BUFORD, Ga. (CBS46) -- When Esther Denn walked into an eyeglass store across from the Mall of Georgia, she expected to take a routine eye exam. But the doctor was not in the room at My Eyelab, a new franchise in Georgia.
Instead the exam was performed remotely.
Denn says she sat down in front of a TV screen when a man came on the screen and introduced himself as an optometrist. Denn says the exam lasted five to ten minutes, and when it was over she received a prescription from an eye doctor based in Savannah, Georgia.
Denn purchased two pairs of glasses for $655, but claims, from the beginning that the prescription did not seem right. Five months later, Denn got a second opinion from Dr. Derrick Badaracco at Eyedeal Family Eye Care in Buford. Badaracco says telemedicine has its place, but not here.
“There's benefits to it I think more in rural environments,” Badaracco says. “But in a major metropolitan area like this, in my opinion, there's no excuse for not seeing a doctor and getting a thorough look at the exam.”
Eyedeal Family Eye Care looked at the two glasses Denn received from My Eyelab and confirmed that they had different prescriptions. My Eyelab maintains that its original prescription was correct and points out that by the time she went to see the second doctor her eyesight could have changed.
As a gesture of goodwill, the company reimbursed Denn for the cost of the glasses and also offered her new glasses free of charge.
Here's the full statement CBS46 received from My Eyelab:
“As background, telehealth refers to a broad collection of electronic and telecommunications technologies that support health care delivery and services from distant locations. As telemedicine continues to grow due to the rising costs of healthcare and technological innovations among other factors, telehealth solutions have demonstrated the ability to enhance health outcomes, reduce costs, and provide doctors with greater efficiencies to expand their practices through its remote capabilities. Our focus at My Eyelab is on the customers and in delivering to them accessibility and affordability for eyecare, which telehealth delivers. While we understand the telehealth experience may not be for everyone, it is a good solution for most and we rely on the doctor’s discretion to determine the best candidates.”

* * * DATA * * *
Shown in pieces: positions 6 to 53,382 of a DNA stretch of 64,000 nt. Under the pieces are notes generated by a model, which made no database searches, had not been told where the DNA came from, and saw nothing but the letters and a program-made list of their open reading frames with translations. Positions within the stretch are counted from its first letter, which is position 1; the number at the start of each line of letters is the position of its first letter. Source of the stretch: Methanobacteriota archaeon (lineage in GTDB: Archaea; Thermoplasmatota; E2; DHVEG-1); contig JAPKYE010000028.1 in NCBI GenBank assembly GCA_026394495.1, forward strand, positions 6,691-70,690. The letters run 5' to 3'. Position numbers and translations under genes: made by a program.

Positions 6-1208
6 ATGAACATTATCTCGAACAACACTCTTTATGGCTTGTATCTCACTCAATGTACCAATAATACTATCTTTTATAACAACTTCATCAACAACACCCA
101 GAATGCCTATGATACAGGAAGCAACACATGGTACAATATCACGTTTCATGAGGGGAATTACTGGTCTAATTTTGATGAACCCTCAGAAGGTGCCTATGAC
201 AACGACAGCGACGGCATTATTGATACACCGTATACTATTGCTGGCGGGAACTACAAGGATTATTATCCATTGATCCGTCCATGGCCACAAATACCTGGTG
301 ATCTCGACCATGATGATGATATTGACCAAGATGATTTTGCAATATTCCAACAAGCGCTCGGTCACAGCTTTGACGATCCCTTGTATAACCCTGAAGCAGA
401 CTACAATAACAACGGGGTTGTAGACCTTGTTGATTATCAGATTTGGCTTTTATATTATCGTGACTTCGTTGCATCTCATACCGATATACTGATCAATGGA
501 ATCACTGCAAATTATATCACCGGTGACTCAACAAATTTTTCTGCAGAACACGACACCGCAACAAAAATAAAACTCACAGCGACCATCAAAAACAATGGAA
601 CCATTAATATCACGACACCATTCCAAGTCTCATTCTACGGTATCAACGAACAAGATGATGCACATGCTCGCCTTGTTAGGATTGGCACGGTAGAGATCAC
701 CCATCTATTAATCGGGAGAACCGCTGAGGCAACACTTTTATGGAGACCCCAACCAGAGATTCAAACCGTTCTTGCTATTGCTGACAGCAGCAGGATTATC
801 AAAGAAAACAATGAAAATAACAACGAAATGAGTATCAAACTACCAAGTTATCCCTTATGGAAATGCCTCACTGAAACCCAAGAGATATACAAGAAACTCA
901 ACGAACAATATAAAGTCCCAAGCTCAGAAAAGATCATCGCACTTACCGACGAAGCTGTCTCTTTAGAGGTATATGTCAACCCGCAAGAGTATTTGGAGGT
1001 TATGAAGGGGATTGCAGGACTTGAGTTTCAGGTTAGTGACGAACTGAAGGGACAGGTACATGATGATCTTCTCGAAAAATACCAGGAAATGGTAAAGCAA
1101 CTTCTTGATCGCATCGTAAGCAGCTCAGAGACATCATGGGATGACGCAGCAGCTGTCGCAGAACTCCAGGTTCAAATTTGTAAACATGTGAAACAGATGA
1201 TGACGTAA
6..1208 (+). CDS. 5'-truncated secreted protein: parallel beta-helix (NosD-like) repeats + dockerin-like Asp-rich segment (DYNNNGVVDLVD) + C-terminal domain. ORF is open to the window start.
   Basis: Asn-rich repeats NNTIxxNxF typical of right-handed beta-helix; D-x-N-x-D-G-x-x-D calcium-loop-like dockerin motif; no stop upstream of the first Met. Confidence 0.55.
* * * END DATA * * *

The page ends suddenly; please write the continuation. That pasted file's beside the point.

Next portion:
When asked for comment, Georgia’s Optometric Association had a stern warning for viewers. The trade agency for optometrists believes My Eyelab is violating the state’s telemedicine laws.
Dan Curan, a spokesman for the organization, says state law requires that eye exams are done “in-person” and based on more than information from an automated testing device. The organization also maintains that telemedicine can only be used at a physician’s office, optometrist’s office, hospital based setting or hospital health system office.
Dr. Mehrdad E. Saadat, the president of the association says, "When a doctor of optometry performs a comprehensive eye exam they are evaluating everything about that patient right from the moment they walk in the room. Technology has its place, but if both pairs of Ms. Denn's prescription glasses had wrong prescriptions, what else was missed about her risk of glaucoma, cancer or other eye diseases? Doctors of optometry had foresight in developing a law to protect the public from harm and this case justifies it."